As Carli Lloyd put it, “We looked down at these stars and one of those stars belongs to us and will always belong to us.” I like to think she includes all of us in that quote.

Three Stars. The Top is courtesy of the '15ers

Three Stars. The Top is courtesy of the ’15ers

That’s a wrap!

As I stood at the starting line of the Mt Van Hoevenburg sliding complex today, on what I knew would likely be my last day of sliding for the 2014-2015 skeleton season, waiting for the track to be cleared, I was only thinking one thing:

“What the heck is that?”

I was totally distracted by the fact that there was a big ‘ol glob of goo stuck in my shoe.

It appeared that my rubber shoe guards had finally decided they had had enough. A hole that had been teasing me all season finally expanded and separated from the offending cover, and the rubber bit had now lodged itself into the tiny needles on a shoe that was my only hope against falling on my face…again.

Still, with 19 seconds on the clock and still counting down to zero, there was no time to dwell, or even to pick it out of my shoe. Hoping against hope that I wouldn’t slip, I set off.

I didn’t slip (yay), had a fairly descent run (yay) and felt great and ready for a second run. When I got back to the top and gave my runners a quick look, that thought of a second run quickly dissipated. Down a good inch and a half of my left runner was a nice, big, dark gash leftover from the run (boo). So much for a second run.

Still, I figured ending the season on a good, semi-fast (for the conditions) run was better than ending on a popped groove, which happened to me the day before on my last run.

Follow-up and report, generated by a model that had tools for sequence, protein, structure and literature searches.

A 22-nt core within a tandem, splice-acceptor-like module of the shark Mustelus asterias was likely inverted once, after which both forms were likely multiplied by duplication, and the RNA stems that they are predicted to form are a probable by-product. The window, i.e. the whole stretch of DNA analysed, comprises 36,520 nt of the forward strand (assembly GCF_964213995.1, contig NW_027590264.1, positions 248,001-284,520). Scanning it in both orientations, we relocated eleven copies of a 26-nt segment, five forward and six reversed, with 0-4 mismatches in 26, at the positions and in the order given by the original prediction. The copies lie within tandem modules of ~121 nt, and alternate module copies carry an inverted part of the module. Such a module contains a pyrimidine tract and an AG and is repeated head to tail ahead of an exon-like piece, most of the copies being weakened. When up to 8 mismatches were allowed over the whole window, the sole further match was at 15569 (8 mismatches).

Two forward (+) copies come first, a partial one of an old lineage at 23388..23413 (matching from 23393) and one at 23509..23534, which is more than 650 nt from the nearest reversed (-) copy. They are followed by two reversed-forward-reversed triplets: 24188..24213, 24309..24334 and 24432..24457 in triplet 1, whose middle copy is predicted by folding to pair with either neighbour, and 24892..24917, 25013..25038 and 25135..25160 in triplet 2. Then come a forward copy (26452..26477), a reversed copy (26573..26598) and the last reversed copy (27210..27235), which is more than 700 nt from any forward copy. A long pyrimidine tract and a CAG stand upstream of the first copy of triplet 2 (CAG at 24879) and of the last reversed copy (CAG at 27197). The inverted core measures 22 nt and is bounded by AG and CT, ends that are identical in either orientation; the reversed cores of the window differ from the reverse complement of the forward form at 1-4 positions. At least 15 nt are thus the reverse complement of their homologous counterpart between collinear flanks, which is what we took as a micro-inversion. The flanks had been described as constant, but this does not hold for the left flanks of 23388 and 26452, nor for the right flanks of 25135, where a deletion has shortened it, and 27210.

As I lugged my sled up the three flights of stairs to my apartment for (what I hope will be) the last time this season, I thought of how different the season was from what I expected, and how much I learned from it.

Today, marks almost 14 months since I suffered my debilitating back injury. But 14 months ago, I wouldn’t have been carrying my sled up the stairs of my apartment by myself. 14 months ago, I couldn’t even pick my sled up, let alone carry it. I couldn’t slide, couldn’t lift, couldn’t run, couldn’t work, couldn’t even sleep. Today, the only remaining problem is trouble sleeping, and lots of discomfort riding in cars or planes or sitting in a movie theatre. It’s a hell of a lot better situation now, I’ll tell ya.

Remember this? The aftermath of my first Graston day (in July)

Remember this? The aftermath of my first Graston day (in July). Yay PT.

After wondering if I would even be able to make it down the track, I managed to make it through Team Trials in October, though not with the performance I had been hoping for. Because of being unable to lift or train heavily, my start suffered immensely, with almost a half-second difference from the previous season. As someone who once prided herself on her start, it was quite a difficult time for me.

I made the North American Cup team, though, and was looking forward to the first full competitive season in my four-year career. It took the first half of the season to work out how to compete at my best with the least amount of pain possible. I invested in a cart to pull my sled along rather than carry it, I recruited the help of my teammates and friends to help me lift it in and out of cars and trucks. I adjusted my training priorities to make sure my back was as manageable as it could be to race. This essentially meant taking off of sliding every couple of days, and taking the day before a race off completely.

Taking the day off before a race was the biggest adjustment, since I always wanted to have as much time the track as possible, but it turned out to be a blessing in disguise. Taking the day before a race off meant coming to terms with decisions about sled setup and lines. It meant a day to dwell on what had happened throughout the week, then to let those thoughts go. It also usually meant a day to myself at the condo, house or hotel we happened to be staying at, as the rest of my teammates usually were at the track.

Alone time in the house means lots of time to prep! Shiny, race-prepped runners!